Characterizing and Exploring the Implications of Maritime Irregular Warfare

Characterizing and Exploring the Implications of Maritime Irregular Warfare

MOLLY DUNIGAN
DICK HOFFMANN
PETER CHALK
BRIAN NICHIPORUK
PAUL DELUCA
Copyright Date: 2012
Published by: RAND Corporation
Pages: 138
https://www.jstor.org/stable/10.7249/mg1127navy
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  • Book Info
    Characterizing and Exploring the Implications of Maritime Irregular Warfare
    Book Description:

    Although irregular warfare includes a range of activities in which naval forces have played an integral role, there has been little examination of the characteristics or potential of such operations in maritime environments. An assessment of the maritime component of a series of historical and ongoing operations reveals that current notions of irregular warfare would benefit from increased recognition of potential maritime contributions.

    eISBN: 978-0-8330-5923-9
    Subjects: History, Political Science

Table of Contents

  1. Front Matter
    (pp. i-ii)
  2. Preface
    (pp. iii-iv)
  3. Table of Contents
    (pp. v-viii)
  4. Figures and Table
    (pp. ix-x)
  5. Summary
    (pp. xi-xx)
  6. Acknowledgments
    (pp. xxi-xxii)
  7. Abbreviations
    (pp. xxiii-xxvi)
  8. CHAPTER ONE Introduction
    (pp. 1-4)

    Given U.S. involvement and support for multiple counterinsurgency (COIN) and counterterrorism (CT) campaigns in various theaters, particularly over the past decade, the concept ofirregular warfarehas become increasingly prevalent among defense strategists and analysts, with numerous policy publications and field manuals devoted to defining, explaining, and exploring the consequences of the term and related activities (HQDA, 1961, 2006, 2008; U.S. Joint Chiefs of Staff, 2008; Newton et al., 2009). Indeed, CT expert William Rosenau (2006, p. 53) notes that “insurgency and counterinsurgency . . . have enjoyed a level of military, academic, and journalistic notice unseen since the 1960s.”...

  9. CHAPTER TWO What Is Maritime Irregular Warfare?
    (pp. 5-18)

    Irregular warfareis a term used by the U.S. Department of Defense (DoD) to describe certain military operations. The 2006 Quadrennial Defense Review (QDR) introduced the term in the context of one of four types of threats facing the United States (irregular threats; the other three were traditional, disruptive, and catastrophic) and suggested that more U.S. DoD plans and funding should be devoted to IW programs (DoD, 2006).¹ Yet, there is still debate in DoD doctrine and among military and policymaking circles regarding the exact definition of IW. Perhaps in recognition of this lack of clarity, the termirregular warfare...

  10. CHAPTER THREE The Case of Operation Enduring Freedom—Philippines
    (pp. 19-34)

    Concern in U.S. Pacific Command about terrorism and crime in the southern Philippines spiked a few months before September 11, 2001. On May 27 of that year, the Abu Sayyaf Group (ASG) kidnapped 17 Filipinos and three Americans from their diving resort cabins on Palawan Island. In this instance, ASG members covertly entered the resort by boat, captured their victims from seaside cabins, and then returned by boat to their camp on Basilan Island in the Sulu Archipelago—a classic amphibious raid (M. Bowden, 2007).¹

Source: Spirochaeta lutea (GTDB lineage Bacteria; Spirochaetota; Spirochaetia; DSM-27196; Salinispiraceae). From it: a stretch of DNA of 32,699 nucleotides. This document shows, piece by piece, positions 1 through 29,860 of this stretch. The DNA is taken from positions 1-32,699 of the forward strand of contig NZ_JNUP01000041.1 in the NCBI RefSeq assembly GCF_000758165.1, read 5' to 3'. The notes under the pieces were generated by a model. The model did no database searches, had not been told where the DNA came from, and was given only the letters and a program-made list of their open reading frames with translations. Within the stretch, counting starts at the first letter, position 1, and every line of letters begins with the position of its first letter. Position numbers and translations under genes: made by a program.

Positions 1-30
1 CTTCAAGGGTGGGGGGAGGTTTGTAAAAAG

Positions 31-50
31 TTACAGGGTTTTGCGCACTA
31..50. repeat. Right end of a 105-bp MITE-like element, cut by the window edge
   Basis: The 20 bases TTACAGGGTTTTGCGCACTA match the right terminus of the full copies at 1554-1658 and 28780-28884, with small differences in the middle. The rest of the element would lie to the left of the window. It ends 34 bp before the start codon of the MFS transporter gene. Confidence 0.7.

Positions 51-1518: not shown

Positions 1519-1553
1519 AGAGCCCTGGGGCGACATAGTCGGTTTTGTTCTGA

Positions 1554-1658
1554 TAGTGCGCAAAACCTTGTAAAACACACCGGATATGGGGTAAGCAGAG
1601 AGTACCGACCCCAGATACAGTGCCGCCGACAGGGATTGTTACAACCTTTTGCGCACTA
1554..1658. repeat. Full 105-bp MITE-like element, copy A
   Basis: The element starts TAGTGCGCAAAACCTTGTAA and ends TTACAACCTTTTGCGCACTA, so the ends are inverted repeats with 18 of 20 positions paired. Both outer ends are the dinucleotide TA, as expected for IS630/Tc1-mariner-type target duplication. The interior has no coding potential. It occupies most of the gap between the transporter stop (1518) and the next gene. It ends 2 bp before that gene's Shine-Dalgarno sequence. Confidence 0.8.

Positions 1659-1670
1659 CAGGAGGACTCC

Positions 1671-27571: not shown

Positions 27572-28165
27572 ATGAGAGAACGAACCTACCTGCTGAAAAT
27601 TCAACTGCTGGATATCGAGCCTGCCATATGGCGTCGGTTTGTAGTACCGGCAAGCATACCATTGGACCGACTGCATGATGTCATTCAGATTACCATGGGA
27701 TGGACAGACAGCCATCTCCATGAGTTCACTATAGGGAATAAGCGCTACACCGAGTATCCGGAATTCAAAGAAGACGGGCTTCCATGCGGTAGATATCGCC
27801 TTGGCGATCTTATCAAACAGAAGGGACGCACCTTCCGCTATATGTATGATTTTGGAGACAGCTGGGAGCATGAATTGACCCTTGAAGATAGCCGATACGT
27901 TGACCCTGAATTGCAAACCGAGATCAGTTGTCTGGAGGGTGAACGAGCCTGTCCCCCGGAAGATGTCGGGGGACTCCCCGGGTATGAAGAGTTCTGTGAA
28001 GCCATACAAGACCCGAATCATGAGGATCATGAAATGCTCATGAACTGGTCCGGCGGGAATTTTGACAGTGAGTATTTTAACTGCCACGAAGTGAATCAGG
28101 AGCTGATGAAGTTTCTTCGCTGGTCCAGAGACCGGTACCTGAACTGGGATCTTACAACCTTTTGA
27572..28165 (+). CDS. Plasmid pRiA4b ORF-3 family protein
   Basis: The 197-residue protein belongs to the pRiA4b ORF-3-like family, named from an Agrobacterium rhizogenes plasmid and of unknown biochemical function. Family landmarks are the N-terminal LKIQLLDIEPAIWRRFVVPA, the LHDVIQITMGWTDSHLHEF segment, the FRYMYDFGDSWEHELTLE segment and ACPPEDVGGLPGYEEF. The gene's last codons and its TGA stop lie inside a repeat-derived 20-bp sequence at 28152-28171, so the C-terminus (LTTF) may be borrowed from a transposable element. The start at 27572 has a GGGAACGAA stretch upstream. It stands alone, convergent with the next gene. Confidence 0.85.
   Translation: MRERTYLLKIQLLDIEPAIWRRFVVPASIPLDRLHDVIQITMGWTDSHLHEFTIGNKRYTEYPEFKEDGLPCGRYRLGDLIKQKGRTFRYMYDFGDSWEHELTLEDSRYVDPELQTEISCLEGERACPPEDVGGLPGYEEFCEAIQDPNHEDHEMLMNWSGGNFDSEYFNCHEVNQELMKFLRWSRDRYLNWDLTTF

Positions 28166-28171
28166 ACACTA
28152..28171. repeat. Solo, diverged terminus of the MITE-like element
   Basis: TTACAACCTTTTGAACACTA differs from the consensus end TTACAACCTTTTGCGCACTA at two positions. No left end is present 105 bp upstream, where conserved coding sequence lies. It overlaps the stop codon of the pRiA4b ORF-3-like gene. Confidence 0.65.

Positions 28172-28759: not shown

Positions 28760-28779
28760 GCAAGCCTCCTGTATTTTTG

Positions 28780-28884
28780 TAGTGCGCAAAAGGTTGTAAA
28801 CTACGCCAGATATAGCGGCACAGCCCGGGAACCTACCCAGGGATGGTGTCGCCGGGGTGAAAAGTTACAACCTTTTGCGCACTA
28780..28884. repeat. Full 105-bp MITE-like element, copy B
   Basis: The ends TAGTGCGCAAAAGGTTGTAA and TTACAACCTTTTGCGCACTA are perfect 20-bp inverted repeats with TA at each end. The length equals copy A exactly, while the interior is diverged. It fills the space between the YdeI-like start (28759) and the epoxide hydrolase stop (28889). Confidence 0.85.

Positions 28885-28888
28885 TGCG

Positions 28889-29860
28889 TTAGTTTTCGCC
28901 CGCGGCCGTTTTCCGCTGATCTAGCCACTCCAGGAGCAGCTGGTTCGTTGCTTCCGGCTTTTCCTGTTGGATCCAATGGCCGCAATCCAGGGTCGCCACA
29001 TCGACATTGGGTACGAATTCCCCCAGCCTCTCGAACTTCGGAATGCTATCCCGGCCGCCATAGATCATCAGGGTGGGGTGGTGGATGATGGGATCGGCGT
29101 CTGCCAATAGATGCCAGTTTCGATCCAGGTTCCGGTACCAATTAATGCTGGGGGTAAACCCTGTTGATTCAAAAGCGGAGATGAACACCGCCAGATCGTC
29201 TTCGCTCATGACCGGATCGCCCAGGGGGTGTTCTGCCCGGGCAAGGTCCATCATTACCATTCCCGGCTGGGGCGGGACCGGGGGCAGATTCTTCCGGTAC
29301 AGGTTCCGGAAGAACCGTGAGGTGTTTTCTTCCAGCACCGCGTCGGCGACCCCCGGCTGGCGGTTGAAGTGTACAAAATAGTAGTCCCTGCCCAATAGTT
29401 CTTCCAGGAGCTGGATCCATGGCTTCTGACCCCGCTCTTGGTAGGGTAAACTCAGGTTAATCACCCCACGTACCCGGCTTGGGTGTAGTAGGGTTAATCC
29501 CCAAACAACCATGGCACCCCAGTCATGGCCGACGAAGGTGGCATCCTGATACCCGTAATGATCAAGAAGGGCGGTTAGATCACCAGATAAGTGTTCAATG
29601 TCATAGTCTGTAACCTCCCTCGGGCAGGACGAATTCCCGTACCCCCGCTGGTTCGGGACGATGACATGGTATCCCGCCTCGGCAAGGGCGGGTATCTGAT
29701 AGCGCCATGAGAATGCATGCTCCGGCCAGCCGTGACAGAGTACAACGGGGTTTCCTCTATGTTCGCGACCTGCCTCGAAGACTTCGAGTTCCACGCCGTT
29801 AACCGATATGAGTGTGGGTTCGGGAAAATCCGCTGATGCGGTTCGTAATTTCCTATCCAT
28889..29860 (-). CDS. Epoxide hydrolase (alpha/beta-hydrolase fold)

After the September 11 attacks, the U.S. Pacific Command received orders to develop plans for...

  11. CHAPTER FOUR A Comparative Historical Analysis of Maritime Irregular Warfare
    (pp. 35-68)

    As Chapter Three illustrated, the OEF-P case of MIW includes various tactical, operational, and strategic lessons. This chapter examines and compares a variety of other MIW cases, seeking to derive additional lessons regarding MIW. The remainder of this chapter explores MIW cases across the spectrum of strategic scenarios presented in Chapter Two, looking first at MIW in COIN, then assessing MIW in UW, and finally turning to MIW in law-enforcement scenarios.

    The United States and its allies have a fairly extensive historical track record of using maritime forces in COIN missions, a trend that continues today. Maritime forces were used...

  12. CHAPTER FIVE Adversary Capabilities in Maritime Irregular Warfare
    (pp. 69-86)

    The future is uncertain regarding the range of potential MIW threats that may face the United States. Yet, it is informative to examine the breadth of capabilities possessed by U.S. adversaries or analogous actors in the recent past and at present. This chapter aims to identify and assess the spectrum of possible future MIW threats that the United States may confront. To this end, we explored the cases of the Sea Tigers (the maritime wing of the LTTE), active in Sri Lanka from 1984 through 2009; the LeT attack in Mumbai in 2008; and piracy off the HoA over the...

  13. CHAPTER SIX Conclusions and Recommendations
    (pp. 87-96)

    Given the current prominence of irregular warfare and related activities in U.S. military strategy, it is reasonable to explore the various advantages of IW activities on land, in the air, and in maritime environments. Yet, there is a dearth of analysis on the specific requirements of and opportunities provided by maritime IW at present, with very little focus in the doctrinal and other literature on IW in maritime environs. The aim of our study was to describe the strategic potential of MIW and to assess its operational and tactical characteristics based on a sample of recent MIW operations, with an...

  14. References
    (pp. 97-112)